Our Wednesday Fox asked, “What’s your favorite feel-good movie?”
I’ve mentioned in previous posts that I’m not a movie watcher. I’ll stop what I’m doing when a movie clip is shown on tv or online, but I don’t often choose to spend two hours or more watching an entire story unfold when I could be doing something productive (on my to-do list). But every now and then – usually as a social outing with grandkids or as a break during an intense weekend of writing – I’ll put the devices away and indulge. I don’t normally watch the movies that collect awards and accolades for addressing social issues. Like the stories I write, the ones I watch need to have a happy ending, so almost every movie I see would qualify as “feel-good.”
This said, I don’t like to rank the movies I watch, as so much time elapses between them. I’d say I sit through an average of one or two complete movies per year. So I’m going to say that my favorite feel-good movie is the last one I’ve seen. And since hubby and I are not eager to join movie-goers at the theaters, we’re limited to what is available on the small screen.
A few weeks ago, my hubby was complaining (as he zipped through the hundreds of channels available on our cable plan) that there was nothing good on. I asked for the remote and was pleasantly surprised when he handed it over. A week or two prior to this, I’d seen an ad for a Netflix movie called Enola Holmes, based on the book series by Nancy Springer featuring the younger sister of Sherlock Holmes, and since I’d begun reading the Stoker and Holmes steampunk series that I featured last week, it caught my eye. So I took the remote and switched over to our Netflix account and found the movie.
Since hubby doesn’t often enjoy shows with historical settings, I fully expected him to fall asleep while I watched, but to my surprise, he enjoyed the story and watched the entire movie. There is definitely a “feel good” vibe to me, as Enola finds her happiness in a non-traditional way.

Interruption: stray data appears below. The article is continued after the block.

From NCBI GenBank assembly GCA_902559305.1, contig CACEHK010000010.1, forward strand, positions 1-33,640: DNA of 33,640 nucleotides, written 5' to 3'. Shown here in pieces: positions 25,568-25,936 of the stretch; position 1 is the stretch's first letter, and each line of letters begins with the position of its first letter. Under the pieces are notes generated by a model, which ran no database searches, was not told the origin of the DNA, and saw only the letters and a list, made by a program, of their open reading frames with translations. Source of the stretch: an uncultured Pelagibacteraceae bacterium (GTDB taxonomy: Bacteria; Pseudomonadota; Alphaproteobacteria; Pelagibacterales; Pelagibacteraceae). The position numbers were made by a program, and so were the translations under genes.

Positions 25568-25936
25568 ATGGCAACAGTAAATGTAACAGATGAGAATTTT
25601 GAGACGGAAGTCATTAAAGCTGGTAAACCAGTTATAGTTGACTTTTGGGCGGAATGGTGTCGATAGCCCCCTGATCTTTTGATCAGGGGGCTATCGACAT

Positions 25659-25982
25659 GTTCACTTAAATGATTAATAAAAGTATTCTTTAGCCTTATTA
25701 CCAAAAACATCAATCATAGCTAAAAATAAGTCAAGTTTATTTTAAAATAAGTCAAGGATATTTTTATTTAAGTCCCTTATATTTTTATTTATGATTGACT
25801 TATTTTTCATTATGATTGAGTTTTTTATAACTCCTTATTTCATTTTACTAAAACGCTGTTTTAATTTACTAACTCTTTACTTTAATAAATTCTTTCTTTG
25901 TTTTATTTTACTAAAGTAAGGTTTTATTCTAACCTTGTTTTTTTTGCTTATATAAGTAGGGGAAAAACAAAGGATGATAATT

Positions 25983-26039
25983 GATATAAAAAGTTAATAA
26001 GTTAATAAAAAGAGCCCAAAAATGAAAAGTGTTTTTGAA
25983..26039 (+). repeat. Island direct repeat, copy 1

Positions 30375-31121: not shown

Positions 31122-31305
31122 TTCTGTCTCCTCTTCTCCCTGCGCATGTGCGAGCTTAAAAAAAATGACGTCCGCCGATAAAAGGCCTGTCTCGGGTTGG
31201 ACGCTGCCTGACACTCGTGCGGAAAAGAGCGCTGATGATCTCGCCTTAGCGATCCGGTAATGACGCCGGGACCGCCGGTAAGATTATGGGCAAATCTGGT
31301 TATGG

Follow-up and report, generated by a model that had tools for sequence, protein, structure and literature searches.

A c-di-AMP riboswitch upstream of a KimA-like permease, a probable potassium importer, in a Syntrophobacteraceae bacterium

Here is the storyline, from IMDB: England, 1884 – a world on the brink of change. On the morning of her 16th birthday, Enola Holmes (Millie Bobby Brown) wakes to find that her mother (Helena Bonham Carter) has disappeared, leaving behind an odd assortment of gifts but no apparent clue as to where she’s gone or why. After a free-spirited childhood, Enola suddenly finds herself under the care of her brothers Sherlock (Henry Cavill) and Mycroft (Sam Claflin), both set on sending her away to a finishing school for “proper” young ladies. Refusing to follow their wishes, Enola escapes to search for her mother in London. But when her journey finds her entangled in a mystery surrounding a young runaway Lord (Louis Partridge), Enola becomes a super-sleuth in her own right, outwitting her famous brother as she unravels a conspiracy that threatens to set back the course of history. (https://www.imdb.com/title/tt7846844/, retrieved 10.14.20)
The cast is wonderful: Millie Bobby Brown is well-cast as the resolute and resourceful Enola. Henry Cavill, as Enola’s brother Sherlock, is no hardship to watch. He shows a softer side of the detective, not usually seen in other portrayals. Sam Clafin is believably distant as Mycroft Holmes, and Helena Bonham Carter is wonderful as Eudoria Holmes (Enola’s mother), although most of her scenes are flashbacks. Louis Partridge as Lord Tewkesbury is a little too pretty for my taste, but I’m sure he’s eye candy for the younger set.
My favorite line in the movie (and the reason this is a feel-good movie to me) has to be toward the end, when Sherlock Holmes walks into Scotland Yard and explains how he solved the mystery, and Inspector Lestrade asks the great detective, “How did your sister get there before you?” To me, that lines speaks volumes – the Inspector sees Enola as a skilled investigator in her own right. Sherlock’s reaction to that knowledge is equally telling, as he leaves Scotland Yard with a smile and a cheer for his sister’s success.